Monday, February 14, 2011

Tamil Pride, y'all!/Hotel Sangeetha (NOT the chain).

OK. First thing that comes to your mind when I say... Tamilian food.

Home-y, comforting, satisfying? If you're a hostelite.

Bland, boring, blah? Especially if you've had idli for breakfast, rasam sadam for lunch and kal dosai for dinner. Three days in a row.

Naturally, when we go out, I vehemently protest against any Tamilian restaurant. Except those times when on duty, I'd be so hungry, and W would pick up just what I crave by looking at my Hungryface:  A bowl of piping hot Sambar saadham with chips and pickle from Hot Chips (sometimes he charms them into giving extra kootu/poriyal with his Tamil).

Something that'd fill my stomach, and the hole in my being (Which wanted to vegetate in front of the TV or gossip over the phone with school-friends instead of doing rounds at 10:30 PM). So except for those testing times, I'd turn down tamil food, because I find the ones turned out by restaurants somewhat insipid, soul-less and lacking.

Of course, there are places like Raintree at Taj Connemera which makes delicious kuzhi paniyarams and pazharasam. Hot Chips, that offered sustenance during my internship days, in the form of mini-meals and the 12-rupee filter coffee. The piping hot sakkara pongal/Jil-Jil-Jigarthanda at Murugan Idli Kadai, that somehow makes the road to Obesity a happy, satisfying one.

And there are places that try to make Tamil food posh. You know, deja vu-inducing yellow rooms, dirty ketchup squirter-bottles on the table, A/C hall upstairs kind of places. Where they expect you to pay Rs. 150 for an oily dosai. *Cough*Saravana Bhavan*Cough*. Just because they have branches at Kuwait or New Jersey or wherever.

Indha paruppu en kita vegaadhu (doesn't go down well with me, approximately).

Nitpicking aside, the moral of my long-winded story is that I avoid Tamilian restaurants. It almost never stands up to its home-cooked counterparts. Like this kick-ass Thayir Semiya C's mom makes; one of the dishes that I eat by the bowlful, one of the reasons I visit their house often (amongst a host of others) and one of the recipes I've never tried because I know it'll never taste half as good and that'll kill the magic.

But because something is better than nothing (Mathematics, don't you know?), I tag along when the family dines out on Sunday nights. The real moral of the story: Completely unexpectedly, I discovered a simple restaurant that I LOVE, and it has undoubtedly been one of the best places I've been to, in the last couple of years.

I've gone there five times after the discovery last year. The number may double in the next few months. Hotel Sangeeta (NOT OF THE Apoorva Sangeetha chain or any other chain) is a stand-alone restaurant that is bang opposite the Egmore Railway station. They're basically a business hotel with lodging or whatever, but don't let that fool you into thinking this is some wannabe 2-star basement restaurant. The place is spotless, the cutlery simple and the menu refreshing and basic.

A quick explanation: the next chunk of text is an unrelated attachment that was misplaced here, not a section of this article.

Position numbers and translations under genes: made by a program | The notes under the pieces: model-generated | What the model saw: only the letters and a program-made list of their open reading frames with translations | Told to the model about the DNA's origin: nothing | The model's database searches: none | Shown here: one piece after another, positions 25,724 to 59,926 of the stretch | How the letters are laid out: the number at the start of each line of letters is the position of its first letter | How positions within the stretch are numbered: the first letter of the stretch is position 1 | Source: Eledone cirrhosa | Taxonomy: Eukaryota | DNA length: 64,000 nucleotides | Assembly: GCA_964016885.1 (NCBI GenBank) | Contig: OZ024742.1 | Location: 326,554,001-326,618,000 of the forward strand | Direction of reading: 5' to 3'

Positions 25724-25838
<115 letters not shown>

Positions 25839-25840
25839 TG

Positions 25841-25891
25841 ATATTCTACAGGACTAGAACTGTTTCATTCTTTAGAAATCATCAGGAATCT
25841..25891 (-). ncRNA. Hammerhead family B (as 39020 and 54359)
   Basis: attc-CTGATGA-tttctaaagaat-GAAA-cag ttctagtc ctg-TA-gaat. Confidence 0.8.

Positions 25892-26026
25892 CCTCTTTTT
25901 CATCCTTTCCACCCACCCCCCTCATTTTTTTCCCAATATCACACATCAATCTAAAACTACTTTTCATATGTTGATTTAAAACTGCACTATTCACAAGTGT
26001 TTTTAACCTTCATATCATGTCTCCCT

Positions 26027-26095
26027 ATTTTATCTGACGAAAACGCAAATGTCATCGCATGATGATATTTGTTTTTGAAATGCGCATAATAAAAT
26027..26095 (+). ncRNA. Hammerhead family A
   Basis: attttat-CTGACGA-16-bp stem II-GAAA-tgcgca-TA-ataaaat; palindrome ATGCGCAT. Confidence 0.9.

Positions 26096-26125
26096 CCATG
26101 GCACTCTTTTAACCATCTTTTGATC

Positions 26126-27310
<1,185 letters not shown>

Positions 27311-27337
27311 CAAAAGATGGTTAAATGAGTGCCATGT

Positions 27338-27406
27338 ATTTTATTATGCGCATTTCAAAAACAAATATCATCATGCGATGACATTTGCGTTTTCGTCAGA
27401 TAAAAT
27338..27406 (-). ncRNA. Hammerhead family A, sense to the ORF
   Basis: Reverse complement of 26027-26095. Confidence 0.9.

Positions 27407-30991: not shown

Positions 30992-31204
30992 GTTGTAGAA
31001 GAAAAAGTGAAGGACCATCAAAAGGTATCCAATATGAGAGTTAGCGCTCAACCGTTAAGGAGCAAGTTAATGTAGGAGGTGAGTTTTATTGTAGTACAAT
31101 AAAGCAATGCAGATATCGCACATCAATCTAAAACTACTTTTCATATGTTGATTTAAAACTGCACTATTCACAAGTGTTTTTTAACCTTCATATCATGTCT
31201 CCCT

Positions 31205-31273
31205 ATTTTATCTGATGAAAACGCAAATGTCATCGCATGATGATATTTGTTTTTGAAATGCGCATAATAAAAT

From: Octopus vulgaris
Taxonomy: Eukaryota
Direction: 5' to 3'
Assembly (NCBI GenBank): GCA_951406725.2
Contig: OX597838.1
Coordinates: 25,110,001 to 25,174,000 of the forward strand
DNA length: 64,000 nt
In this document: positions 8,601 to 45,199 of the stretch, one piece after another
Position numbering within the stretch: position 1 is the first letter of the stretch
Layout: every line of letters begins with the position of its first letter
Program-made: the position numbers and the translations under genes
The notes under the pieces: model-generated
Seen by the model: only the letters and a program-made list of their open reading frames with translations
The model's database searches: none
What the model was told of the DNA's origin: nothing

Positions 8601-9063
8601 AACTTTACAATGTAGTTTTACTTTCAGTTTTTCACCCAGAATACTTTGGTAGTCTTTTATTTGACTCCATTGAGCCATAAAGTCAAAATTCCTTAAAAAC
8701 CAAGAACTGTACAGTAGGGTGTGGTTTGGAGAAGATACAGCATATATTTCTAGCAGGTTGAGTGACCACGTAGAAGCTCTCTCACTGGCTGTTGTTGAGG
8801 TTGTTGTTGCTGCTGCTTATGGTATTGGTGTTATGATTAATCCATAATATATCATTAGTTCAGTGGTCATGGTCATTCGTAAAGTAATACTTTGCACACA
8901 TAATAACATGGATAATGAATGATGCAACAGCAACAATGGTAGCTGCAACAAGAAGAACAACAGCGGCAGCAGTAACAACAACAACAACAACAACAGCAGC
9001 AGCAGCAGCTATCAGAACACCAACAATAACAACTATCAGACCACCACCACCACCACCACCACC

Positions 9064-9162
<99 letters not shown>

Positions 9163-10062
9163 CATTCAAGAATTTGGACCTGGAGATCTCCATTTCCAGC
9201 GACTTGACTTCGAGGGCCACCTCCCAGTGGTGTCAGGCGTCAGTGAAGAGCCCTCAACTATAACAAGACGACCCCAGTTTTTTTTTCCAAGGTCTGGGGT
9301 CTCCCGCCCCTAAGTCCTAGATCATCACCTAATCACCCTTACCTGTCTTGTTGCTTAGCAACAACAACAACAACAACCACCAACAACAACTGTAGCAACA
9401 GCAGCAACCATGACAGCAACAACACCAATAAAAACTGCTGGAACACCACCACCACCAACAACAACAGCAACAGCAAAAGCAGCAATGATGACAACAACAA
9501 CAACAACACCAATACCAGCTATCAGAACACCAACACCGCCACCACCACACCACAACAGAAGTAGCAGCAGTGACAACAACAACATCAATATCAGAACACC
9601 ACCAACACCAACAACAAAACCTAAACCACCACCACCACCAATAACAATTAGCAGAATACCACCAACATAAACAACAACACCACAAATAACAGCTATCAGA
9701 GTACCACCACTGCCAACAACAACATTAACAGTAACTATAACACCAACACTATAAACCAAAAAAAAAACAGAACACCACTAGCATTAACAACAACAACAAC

The Specials keep changing each day!

Straight onto what we ate:

I had the Rava Onion Dosai, priced at Rs. 40. I asked the staff if it could be made with no oil. They told me, in honest Tamil, that at least a little is used on the griddle for greasing, but they'd try. And they delivered on the promise. A non-oily, crispy, delicious rava dosa, stuffed with onions and studded with whole peppercorns.

That's the chozha poori. I'm not fond of chozha poori. Or poori channa.

I liked the chana gravy though, and I'm sure poori lovers would have a hay day. Between 35 and 45 bucks per plate.

Masala Dosai. It's that simple. Yummy turmeric-infused mashed potatoes in a delicious dosa. SOLD.

Some healthy venthaya dosai (fenugreek dosa), with vada curry. If you haven't ever tried vada curry in your life, you're missing out on something big. It tastes like masala vada, unfried, cooked in a robust gravy. Our version of the malai kofta maybe? Only a hundred times better, obviously. The vada curry here is pretty good, but definitely doesn't hold a candle to the one my maid makes. Nevertheless, it was completely devoured.

Ooh, the onion oothapam that we always order! The mark of a good tamilian restaurant, I tell you. Do you even need me to tell you how it was here? The sambar, podi and chutneys are a revelation: they're all-natural, have no flavour additives and still taste amazing.

And couldn't resist the temptation of sharing a Madras filter coffee, even though it was ten in the night, and I was probably wrecking my circadian rhythm.
Sorry to be all bundle-of-contradictions on you, but filter coffee is the true mark of a tamilian
restaurant. Along with idlis. And the chutney/sambhar. Mmmm. Filter coffee. Mmm. Stealing an extra portion for myself.

One of the most honest, cheapest meals I've had in such a long time. You know when you should truly, really go, though? Sunday mornings. Between 7 and 10. They do a fantastic Tamilian brunch. A buffet of idli, vada, idiyappam, sambar vada, pongal, uppuma, dosai, payasam, pineapple/chikkoo kesari, filter coffee. Unlimited. Rs. 75 for an adult, and Rs. 40 for children under the age of 5. I'm NOT lying.

I even wish it were a little more expensive that, so the crowd would be lesser. But something tells me any person with half a brain would pay a whole lot more for this. I would, and I like to think I have both cerebral hemispheres intact.


  1. I hate you for this post. Hate hate HATE you!! x-( You did it on purpose, didn't you?

    Will pass on the compliment though!

  2. Seriously, this reaction for Idli-Dosai? LOL.

    And since your parents are flying out to visit you very soon, I don't even know why you're complaining!

  3. Because food just doesn't taste the same here. :(